As you can imagine we have considered the possibility that valsartan 160mg bid gives more RAS blockade than enalapril 10mg bid. There is no evidence that this is the case – this dose of valsartan has been compared with enalapril 10mg bid and shown no difference (Lee YS et al Effect of valsartan on N-terminal pro-brain natriuretic Peptide in patient with stable chronic heart failure: comparison with enalapril. Korean Circ J. 2011;41:61-7). Valsartan 160mg bid has, of course, also been compared with captopril 50mg tid in VALIANT and found to be similar in efficacy (Pfeffer MA, et al Valsartan in Acute Myocardial Infarction Trial Investigators. Valsartan, captopril, or both in myocardial infarction complicated by heart failure, left ventricular dysfunction, or both. N Engl J Med. 2003;349:1893-906). Even, if valsartan 160mg bid did give more RAS blockade than enalapril 10mg bid, this couldn’t really explain the benefits seen – the dose response studies with RAS blockers have shown little incremental benefit with higher doses and even the trials adding an ARB to an ACE inhibitor did not show the magnitude of benefit we saw in PARADIGM-HF.
Lastly, as Dr Prasad will know, the original CONSENSUS target dose of enalapril was 20 mg bid but this caused unacceptable intolerance. Only 22% achieved this target and the mean daily dose achieved was 18.4 mg (less than the 18.9 mg in PARADIGM-HF). There has even been a study comparing 60mg enalapril daily to 20mg (Nanas J, et al. J Am Coll Cardiol. 2000;36:2090-2095). In that trial, 32.5% and 72.5% of patients, respectively, reached target dose by 3 months. There was no statistically significant or clinically meaningful difference between groups for change in blood pressure, heart rate, LVEF or NYHA class between dose groups. In other words, the evidence we have says that not many patients tolerate more than enalapril 10mg bid and that higher doses don’t seem to have a greater pharmacological effect.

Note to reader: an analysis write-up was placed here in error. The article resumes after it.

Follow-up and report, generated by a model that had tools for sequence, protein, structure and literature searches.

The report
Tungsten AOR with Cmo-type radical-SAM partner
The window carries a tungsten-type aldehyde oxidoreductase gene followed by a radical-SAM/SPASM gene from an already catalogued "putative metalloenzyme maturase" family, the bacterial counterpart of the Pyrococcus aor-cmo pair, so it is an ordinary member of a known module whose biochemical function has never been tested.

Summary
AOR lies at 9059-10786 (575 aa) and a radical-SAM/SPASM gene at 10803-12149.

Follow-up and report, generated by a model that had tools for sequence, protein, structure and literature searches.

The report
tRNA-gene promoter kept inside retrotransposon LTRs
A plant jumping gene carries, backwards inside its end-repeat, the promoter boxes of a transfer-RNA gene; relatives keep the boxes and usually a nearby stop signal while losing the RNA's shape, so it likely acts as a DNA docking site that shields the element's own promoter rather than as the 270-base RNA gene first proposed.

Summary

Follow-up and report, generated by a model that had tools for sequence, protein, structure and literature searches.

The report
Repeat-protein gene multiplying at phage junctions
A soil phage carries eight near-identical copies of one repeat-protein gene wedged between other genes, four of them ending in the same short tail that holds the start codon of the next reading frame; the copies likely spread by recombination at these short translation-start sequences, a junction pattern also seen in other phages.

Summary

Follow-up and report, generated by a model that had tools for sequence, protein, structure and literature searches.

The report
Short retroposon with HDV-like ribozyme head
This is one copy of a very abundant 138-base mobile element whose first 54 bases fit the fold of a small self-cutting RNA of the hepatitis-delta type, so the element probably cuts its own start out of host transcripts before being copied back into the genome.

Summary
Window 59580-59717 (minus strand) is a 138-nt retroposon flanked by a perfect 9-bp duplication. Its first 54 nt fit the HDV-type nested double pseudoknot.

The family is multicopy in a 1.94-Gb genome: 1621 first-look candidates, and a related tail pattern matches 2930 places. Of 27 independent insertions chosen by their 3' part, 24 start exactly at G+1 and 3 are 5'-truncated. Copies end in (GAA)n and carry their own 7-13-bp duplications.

Run-in periods are certainly much discussed but not always viewed so negatively (Pablos-Méndez et al Run-in periods in randomized trials: implications for the application of results in clinical practice. JAMA. 1998;279:222-5). Apart from reflecting what we do in clinical practice (i.e. start a treatment, see if patients tolerates it and continue it only if they do), there were several specific reasons why we had to do our study in this way and these are detailed in the design paper (McMurray et al Dual angiotensin receptor and neprilysin inhibition as an alternative to angiotensin-converting enzyme inhibition in patients with chronic systolic heart failure: rationale for and design of the Prospective comparison of ARNI with ACEI to Determine Impact on Global Mortality and morbidity in Heart Failure trial [PARADIGM-HF]. Eur J Heart Fail. 2013;15:1062-73). One was the regulatory necessity of ensuring the enalapril treated patients received an evidence-based dose, proven to reduce mortality. There was no point in testing LCZ696 against an unproven treatment.
I don’t understand the statement, “It makes little sense to stop what is working to enter this trial.” Why would one not be willing to change a patient to a potentially better treatment (either LCZ696 or a proven dose of a proven ACE inhibitor – or even an ACE inhibitor rather than an ARB, given the more robust evidence for an ACE inhibitor compared to an ARB)? Medicine will not make much progress if we can’t consider replacing old treatments with new ones. The other proposed designs either test invalid questions (e.g. A – valsartan 160mg bid is not a first line treatment for heart failure – enalapril is) or are impractical (e.g. B – the minority of patients are on an ARB and the key clinical question is can we do better than an ACE inhibitor – that is our gold standard?). The third proposal is effectively what we did.